In lower grades, I want students to see the middle sounds and recognise them rather than guessing. In upper grades the key sounds can be surrounded by prefixes and suffixes which can make recognition difficult. I want to make sure students know and do not  guess when they fold the sheet over, or go back and merely copy.

There are other children that when they see the word they read it, but when they go to write it down their mamory lapses and they must go back and check because they confuse the letter order. A word like ‘half’ will have the ‘l’ and the wrong place and become 'hlaf'. Often some will have trouble hearing all the sounds in a blend.

So initially what I want students to see is the letters and sounds in order, and seeing the letters, sounds and affixes from the right direction.

Next, I want them to do is to be able to see the actual sounds that are in the in the word and as they write the word to hear the sounds in their head. As they progress I want them to be able to identify consonants and vowels. Later, I want them to be able to identify syllables. Alongside syllables, students need to be able to employ rules that affect words in syllables and comprehend the difference between ‘cutting’ and ‘baking’ and able to identify that words with CVC pattern, where we double the next letter when the ‘ing’ suffix.

So, as children get older I will be asking them to look more into differing aspects of the word. In a grade at the top end of a primary school I would be hoping that they would be able to understand the processes in of adding prefixes and suffixes and just what that does to a base word and its meaning.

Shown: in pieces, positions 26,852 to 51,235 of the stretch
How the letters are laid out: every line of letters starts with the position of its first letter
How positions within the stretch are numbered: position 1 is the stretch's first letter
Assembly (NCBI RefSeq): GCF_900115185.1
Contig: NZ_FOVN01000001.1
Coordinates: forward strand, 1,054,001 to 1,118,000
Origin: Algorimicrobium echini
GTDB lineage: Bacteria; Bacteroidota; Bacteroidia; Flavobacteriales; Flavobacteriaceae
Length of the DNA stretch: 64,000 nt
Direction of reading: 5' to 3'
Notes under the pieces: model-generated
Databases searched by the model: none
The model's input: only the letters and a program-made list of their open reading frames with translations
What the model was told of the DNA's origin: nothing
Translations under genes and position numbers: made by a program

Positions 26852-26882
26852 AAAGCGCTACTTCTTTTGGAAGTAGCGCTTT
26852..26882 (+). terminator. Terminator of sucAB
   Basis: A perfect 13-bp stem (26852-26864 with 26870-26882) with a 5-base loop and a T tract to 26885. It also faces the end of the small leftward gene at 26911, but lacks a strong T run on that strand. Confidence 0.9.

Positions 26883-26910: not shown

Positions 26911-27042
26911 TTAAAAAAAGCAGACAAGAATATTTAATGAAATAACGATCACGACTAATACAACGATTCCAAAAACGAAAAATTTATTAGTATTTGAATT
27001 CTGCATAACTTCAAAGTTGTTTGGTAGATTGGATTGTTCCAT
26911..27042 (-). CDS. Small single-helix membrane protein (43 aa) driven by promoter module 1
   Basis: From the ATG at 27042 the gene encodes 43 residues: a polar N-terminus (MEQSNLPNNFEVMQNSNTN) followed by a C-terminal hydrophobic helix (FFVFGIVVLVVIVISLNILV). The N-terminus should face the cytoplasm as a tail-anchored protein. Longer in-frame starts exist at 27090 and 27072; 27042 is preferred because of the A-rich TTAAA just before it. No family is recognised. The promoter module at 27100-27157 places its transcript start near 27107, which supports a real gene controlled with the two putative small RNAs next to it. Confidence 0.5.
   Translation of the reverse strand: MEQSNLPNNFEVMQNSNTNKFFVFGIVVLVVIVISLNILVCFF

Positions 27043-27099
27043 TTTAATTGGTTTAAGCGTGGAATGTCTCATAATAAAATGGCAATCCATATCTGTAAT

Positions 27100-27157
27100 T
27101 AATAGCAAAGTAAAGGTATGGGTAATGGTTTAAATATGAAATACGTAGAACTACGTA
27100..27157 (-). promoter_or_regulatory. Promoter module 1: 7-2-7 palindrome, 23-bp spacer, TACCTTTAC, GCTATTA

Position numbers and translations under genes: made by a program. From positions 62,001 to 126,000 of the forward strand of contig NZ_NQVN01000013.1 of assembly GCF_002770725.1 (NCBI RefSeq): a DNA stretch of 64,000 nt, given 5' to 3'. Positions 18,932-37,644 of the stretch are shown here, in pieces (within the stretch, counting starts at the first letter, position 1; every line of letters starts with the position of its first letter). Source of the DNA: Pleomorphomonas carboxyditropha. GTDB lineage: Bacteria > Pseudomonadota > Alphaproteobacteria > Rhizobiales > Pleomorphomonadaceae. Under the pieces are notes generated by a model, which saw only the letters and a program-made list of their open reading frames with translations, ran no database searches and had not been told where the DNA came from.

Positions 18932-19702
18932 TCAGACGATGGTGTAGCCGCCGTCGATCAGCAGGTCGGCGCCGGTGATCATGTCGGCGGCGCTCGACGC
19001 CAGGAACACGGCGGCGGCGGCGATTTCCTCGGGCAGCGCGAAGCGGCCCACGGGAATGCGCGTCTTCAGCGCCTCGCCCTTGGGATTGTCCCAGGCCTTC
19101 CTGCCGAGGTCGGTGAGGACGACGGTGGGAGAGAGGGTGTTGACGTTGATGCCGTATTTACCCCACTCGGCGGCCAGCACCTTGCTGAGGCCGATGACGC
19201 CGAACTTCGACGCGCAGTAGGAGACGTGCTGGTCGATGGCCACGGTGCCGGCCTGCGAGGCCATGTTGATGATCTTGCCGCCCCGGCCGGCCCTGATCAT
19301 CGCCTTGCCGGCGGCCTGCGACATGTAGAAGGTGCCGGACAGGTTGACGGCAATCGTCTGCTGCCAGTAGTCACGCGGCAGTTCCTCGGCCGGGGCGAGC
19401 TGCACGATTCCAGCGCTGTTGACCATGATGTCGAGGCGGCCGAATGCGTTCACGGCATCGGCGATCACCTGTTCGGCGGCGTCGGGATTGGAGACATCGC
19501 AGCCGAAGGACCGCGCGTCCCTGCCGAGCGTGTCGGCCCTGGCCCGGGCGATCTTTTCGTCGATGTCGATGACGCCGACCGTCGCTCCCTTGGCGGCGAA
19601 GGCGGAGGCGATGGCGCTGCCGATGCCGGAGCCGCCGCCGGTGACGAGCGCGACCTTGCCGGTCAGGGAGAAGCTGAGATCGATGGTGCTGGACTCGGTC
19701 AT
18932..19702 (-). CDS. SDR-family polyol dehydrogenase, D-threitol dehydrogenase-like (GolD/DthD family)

Therefore, before I set a ‘Look, cover, write check’ there are many things I would be teaching, and in that process I would be looking forward to when I set in the ‘look’ and the ‘check’ processes.

I may also like them to look at the shape of a word and at times use word grids as clues, or get them to draw the grid in the write section of the process.

A further activity would be looking for blends, is there a blend the beginning of the word or at the end of a word or both like ‘strand’.

Then when it comes to checking I would like to see them check whether each letter is in the correct spot. I would like them to check what kind of rule or sounds that they have used to make sure that they haven't left anything out. I would like them to ponder the word in a sentence so that when they check the word to ensure some idea of meaning as well. Most all we need to stress the orderof the process  and why we are undertaking the task.,

Some activities to ponder:

1 Writing the words using coloured pencils and  using a different colour for each sound in the  word.

2. Getting the child to say the words slowly and sounding out each sound.

3. Using letter shapes as clues to the words.

4. Having the children in a group saying the words slowly and articulating them to each other.

5. have the clues words  with sounds missing, so they need to be added to write the word correctly.

6. Use sentence clues where the key word is missing and must be worked out before writing the word down in the appropiate list.

7. Have children in groups help each other check the work. When they find a mistake they explain how they remember the word.

8. Have children in groups tell each other the hardest word to remember and the easiest. For some to explain this properly they may have to think like a student who finds spelling difficult.

9. Make sure you test the words regularly, weeks and months later to check if the words are still remembered. 

10. Written language is a very good place to check on spelling. Mark it so that students are encouraged to remedy their own errors.

11. Make sure the ’look, cover, write, check,’ process is followed carefully.

12. Remembering mistakes can be useful.